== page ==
The Iraq War, Brexit and Imperial blowback

This post was contributed by Dr Nadine El-Enany, lecturer at Birkbeck’s School of Law. Here, Dr El-Enany shares her personal thoughts on the historical context of the EU referendum, and the British vote to leave. This post first appeared on Truthout on Wednesday 6 July 2016.

The Union Jack, the flag of the UK

Brexit is a disaster we can only understand in the context of Britain’s imperial exploits. A Bullingdon boy (Oxford frat boy) gamble has thrown Britain into the deepest political and economic crisis since the second world war and has made minority groups across the UK vulnerable to racist and xenophobic hatred and violence.

People of colour, in particular those in the global South, know all too well what it is to be at the receiving end of the British establishment’s divisive top-down interventions. Scapegoating migrants is a divisive tool favoured by successive governments, but the British establishment’s divide and rule tactic was honed much further afield in the course of its colonial exploits. Britain has a long history of invading, exploiting, enslaving and murdering vast numbers of people, crimes for which it has never been held accountable.

Brexit

While the British Empire may be a thing of the past, British imperialism is not. This month the Chilcot inquiry reported on the role of Tony Blair’s government in the 2003 invasion of Iraq which resulted in the death of nearly half a million Iraqis and the destabilization of the region, for which its inhabitants continue to pay the price. It is no coincidence that the Blairite wing of the Labour Party, amidst the Brexit chaos, launched a coup against their current leader, Jeremy Corbyn, who was set to call for Blair to be put on trial for warcrimes.

The referendum that resulted in a 52 percent vote in favour of Britain leaving the EU was initiated by the Conservative government. Shortly after the result was announced, it became clear that the leaders of the Brexit campaign had not wanted this result. Boris Johnson MP appeared ashen-faced at a press conference. He had neither expected nor wanted to win the referendum. He only wanted to be next in line for Number 10 Downing Street. David Cameron, who had led the Remain campaign, resigned as Prime Minister immediately. He had called the referendum in a bid to keep the Conservative Party together, without sparing a thought for the lives that would be destroyed if the bet did not pay off. His gamble backfired, as did Boris Johnson’s. Michael Gove MP, who had been Johnson’s right-hand man in the Leave campaign, betrayed him within days of the result, announcing he would be running for Prime Minister, thereby ending Johnson’s bid to lead the country.

This series of events has thrown the Conservative Party into disarray, the very outcome Cameron had wanted to avoid. Nigel Farage, who stoked up unprecendented levels of racist hate and deserves much of the credit for the Brexit win, resigned as leader of the UK Independence Party on Monday, saying he “wants his life back.”

As political leaders jump ship in the wake of the Brexit vote, reports have emerged of a Britain divided, of a traumatized population, grieving and suffering the onset of depression. There is talk of the need for reconciliation in a country where communities and families have been divided. Alongside this, there are expressions of anger and demands for the British establishment to be held accountable for the outcome of the referendum.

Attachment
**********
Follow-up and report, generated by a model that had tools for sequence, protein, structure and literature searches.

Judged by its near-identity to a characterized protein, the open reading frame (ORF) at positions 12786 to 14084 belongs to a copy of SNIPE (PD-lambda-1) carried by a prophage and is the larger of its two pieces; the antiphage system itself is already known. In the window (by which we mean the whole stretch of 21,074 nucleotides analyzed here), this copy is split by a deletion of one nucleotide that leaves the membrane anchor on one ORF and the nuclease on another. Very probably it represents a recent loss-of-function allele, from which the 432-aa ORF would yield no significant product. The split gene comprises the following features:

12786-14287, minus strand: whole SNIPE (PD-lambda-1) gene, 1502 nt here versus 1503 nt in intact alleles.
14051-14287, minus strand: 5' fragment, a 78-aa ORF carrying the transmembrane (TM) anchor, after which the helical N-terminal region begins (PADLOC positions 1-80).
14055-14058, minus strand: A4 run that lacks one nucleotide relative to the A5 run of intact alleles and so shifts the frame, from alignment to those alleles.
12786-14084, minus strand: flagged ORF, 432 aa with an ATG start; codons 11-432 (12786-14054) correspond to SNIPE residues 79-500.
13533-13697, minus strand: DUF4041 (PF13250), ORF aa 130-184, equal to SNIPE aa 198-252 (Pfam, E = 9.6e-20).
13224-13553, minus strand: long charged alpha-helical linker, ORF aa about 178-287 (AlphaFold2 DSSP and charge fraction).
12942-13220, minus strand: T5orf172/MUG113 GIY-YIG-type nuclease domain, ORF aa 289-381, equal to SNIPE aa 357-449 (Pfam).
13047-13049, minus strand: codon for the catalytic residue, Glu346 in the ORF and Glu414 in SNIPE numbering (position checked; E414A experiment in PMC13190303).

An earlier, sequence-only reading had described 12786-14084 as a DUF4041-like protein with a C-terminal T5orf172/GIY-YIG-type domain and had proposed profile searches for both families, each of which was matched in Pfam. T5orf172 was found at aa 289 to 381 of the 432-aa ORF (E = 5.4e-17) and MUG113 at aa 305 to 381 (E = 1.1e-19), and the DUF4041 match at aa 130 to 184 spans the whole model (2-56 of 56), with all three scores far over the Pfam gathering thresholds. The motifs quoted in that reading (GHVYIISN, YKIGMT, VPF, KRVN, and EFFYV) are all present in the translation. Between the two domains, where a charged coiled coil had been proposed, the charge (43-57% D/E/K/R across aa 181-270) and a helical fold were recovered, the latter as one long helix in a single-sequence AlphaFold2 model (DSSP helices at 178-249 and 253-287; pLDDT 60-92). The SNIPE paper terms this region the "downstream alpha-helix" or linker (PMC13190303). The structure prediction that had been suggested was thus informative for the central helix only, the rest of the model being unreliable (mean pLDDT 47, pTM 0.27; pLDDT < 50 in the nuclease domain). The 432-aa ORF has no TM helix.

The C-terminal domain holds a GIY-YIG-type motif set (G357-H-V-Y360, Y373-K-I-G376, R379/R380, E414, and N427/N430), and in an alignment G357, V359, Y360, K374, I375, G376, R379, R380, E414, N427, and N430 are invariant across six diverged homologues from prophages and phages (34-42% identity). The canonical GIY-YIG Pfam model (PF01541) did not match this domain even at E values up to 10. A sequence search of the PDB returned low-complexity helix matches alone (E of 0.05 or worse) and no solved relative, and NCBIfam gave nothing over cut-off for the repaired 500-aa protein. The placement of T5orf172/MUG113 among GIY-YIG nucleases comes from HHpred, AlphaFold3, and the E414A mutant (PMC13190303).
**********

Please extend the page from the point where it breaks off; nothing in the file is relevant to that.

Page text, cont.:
There is no doubt that the feelings of anger and loss in the wake of Brexit are real, but where is our collective sense of outrage in the face of the establishment’s divisive and destructive actions elsewhere? After all, the deregulatory reforms entailed in austerity policies imposed in EU countries with disastrous consequences, including cuts to vital welfare services, following the 2007 financial crisis, as Diamond Ashiagbor has argued, is “medicine first trialled on the global South since the 70s”. Ashiagbor notes “European states are experiencing this as a category error, in part because they have not been on the receiving end of such policies”, which are all too familiar in the global South.

Brexit is the fruit of empire

In the week following the announcement of the referendum results, two news items probably escaped most people’s attention. The UK Supreme Court delivered a ruling that further impedes the prospect of the Chagos Islanders returning to the home from which they were forcibly removed in 1971 by the colonial British government as part of a deal to allow the US to establish a military base on the largest island, Diego Garcia.

Also in the news last week were reports of 94-year-old Kenyan, Nelson Njao Munyaka, who testified in the High Court about killings he witnessed by British soldiers under 1950s British colonial rule. Munyaka is one of 40,000 Kenyans suing the British government over injuries and loss suffered in the course of its repression of the Mau Mau independence movement. Munyaka spoke of witnessing the shooting of his workmates, being made to carry their corpses and the flashbacks he suffers of the physical and verbal assaults he endured at the hands of British soldiers.

Brexit is not only nostalgia for empire — it is also the fruit of empire. Britain is reaping what it sowed. The legacies of British imperialism have never been addressed, including that of racism. British colonial rule saw the exploitation of peoples, their subjugation on the basis of race, a system that was maintained through the brutal and systematic violence of the colonial authorities.